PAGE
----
Kitty’s death in 1915 made living at the Mansion difficult for Milton, so he, Bertha, and Nora Stohler, who assisted Bertha in caring for the properties, moved to 246 East Caracas Avenue. In the 1920 Census, the occupants at 246 East Caracas were Milton S. Hershey, Bertha Condoni and Nora Stohler. Mr. Hershey had built the house for his mother, but she chose not to live there, preferring a more modest home across from the chocolate factory, leaving the “Green Gables” house vacant. Milton picked out items from the Mansion that he wanted – furniture, china, rugs, silver, and more – that were taken to the Green Gables. The three of them would go to the Mansion each day, have breakfast, after which Milton went to his office to work while Bertha and Nora did various housekeeping activities, returning to Caracas Avenue at lunch time. When Milton went to the office, he would take his dog Prince along in the car and the chauffeur would bring him back home to Bertha.
Gradually Milton began spending more time at the Mansion, but Bertha remained in the Green Gables house. After Kitty’s death, Bertha had joined Holy Trinity Lutheran Church and participated in community events such as the Big Fair described in The Hershey Press of May 4, 1916, where she was an unnamed waitress in the “German Kitchen.” When Nora married and moved away, day workers assisted in the care of the two locations but did not live in the Caracas Avenue house.
Milton, forever grateful for Bertha’s devotion to Kitty, allowed her to continue to live at Green Gables, and provided a young girl to assist her as she grew older. In 1934, the house became the permanent residence of W. Allen Hammond (Industrial School principal), his wife and two children. This arrangement allowed for Bertha and her assistant, Julia, to live on the third floor for about a year and a half. Mrs. Condoni was hospitalized several times during that period. Eventually, Bertha went to live her final two years with a niece in California, but she always kept in touch with Luise Zinner and what was happening in Hershey. Milton provided a fund to cover her expenses until her death.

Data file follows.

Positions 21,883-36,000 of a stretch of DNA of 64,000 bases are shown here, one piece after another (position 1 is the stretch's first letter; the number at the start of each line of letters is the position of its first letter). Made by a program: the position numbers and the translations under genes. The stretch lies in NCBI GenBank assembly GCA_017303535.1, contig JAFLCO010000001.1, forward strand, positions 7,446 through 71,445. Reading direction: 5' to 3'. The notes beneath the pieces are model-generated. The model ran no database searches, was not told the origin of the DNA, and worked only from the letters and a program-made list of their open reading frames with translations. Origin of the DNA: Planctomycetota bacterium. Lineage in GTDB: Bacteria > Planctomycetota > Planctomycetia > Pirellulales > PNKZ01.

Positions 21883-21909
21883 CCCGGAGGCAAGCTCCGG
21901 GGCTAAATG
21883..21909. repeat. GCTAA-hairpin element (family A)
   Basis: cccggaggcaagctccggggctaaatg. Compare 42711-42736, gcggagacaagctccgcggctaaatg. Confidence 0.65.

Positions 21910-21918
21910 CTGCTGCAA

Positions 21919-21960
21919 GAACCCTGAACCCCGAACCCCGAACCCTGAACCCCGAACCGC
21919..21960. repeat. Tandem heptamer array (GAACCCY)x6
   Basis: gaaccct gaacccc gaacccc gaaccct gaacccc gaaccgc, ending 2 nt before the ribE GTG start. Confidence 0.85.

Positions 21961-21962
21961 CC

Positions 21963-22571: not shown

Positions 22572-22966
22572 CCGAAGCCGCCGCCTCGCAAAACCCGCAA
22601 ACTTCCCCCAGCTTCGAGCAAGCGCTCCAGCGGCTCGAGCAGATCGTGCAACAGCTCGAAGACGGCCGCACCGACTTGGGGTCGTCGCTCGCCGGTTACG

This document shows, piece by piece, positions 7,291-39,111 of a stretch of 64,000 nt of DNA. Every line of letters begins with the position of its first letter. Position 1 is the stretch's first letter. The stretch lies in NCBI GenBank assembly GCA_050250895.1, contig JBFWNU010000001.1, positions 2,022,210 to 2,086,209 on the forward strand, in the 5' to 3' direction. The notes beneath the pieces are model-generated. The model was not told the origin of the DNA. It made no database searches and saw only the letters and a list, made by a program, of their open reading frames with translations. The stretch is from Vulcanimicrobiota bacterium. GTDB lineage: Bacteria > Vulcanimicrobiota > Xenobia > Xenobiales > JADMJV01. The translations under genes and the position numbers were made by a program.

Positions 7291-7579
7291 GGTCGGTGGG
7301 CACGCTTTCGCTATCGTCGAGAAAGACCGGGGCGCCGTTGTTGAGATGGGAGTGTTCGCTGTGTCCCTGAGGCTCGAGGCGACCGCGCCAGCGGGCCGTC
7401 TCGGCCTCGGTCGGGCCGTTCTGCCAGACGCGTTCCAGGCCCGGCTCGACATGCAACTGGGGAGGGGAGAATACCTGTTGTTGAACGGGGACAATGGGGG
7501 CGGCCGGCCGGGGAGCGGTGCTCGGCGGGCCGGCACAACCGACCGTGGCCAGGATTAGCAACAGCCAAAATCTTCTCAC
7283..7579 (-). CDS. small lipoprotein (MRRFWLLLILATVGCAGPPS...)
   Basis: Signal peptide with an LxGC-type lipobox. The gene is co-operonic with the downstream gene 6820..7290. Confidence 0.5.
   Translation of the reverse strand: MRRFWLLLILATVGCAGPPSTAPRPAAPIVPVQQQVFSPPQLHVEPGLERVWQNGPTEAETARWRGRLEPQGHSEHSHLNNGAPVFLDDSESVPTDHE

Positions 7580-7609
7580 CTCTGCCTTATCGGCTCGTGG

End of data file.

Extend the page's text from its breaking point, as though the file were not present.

In an oral history by one of the first four Hershey Industrial School students, Nelson Wagner answered the question, “Were you to breakfast at Mr. Hershey’s home?” Nelson related, “Yes, we were at his home for breakfast and when he left we used to have the run of the Mansion. I always thought the carpet bounced when you walked on it. …We’d run all around the Mansion. He had a lady there that took charge of the Mansion and she saw that we didn’t get in trouble. I always enjoyed that.” That lady was Bertha Condoni.
Milton Snavely Hershey: One of a Kind by Charles Schuyler Castner (1983, Derry Literary Guild)
The Inspiration of Sweet Success: A Portrait of Catherine S. Hershey, Wife of Milton S. Hershey, masters thesis of Debra Wescott, graduate student at Penn State (May 1998)
It Was Kitty’s Idea by Joseph A. Brechbill, (2004)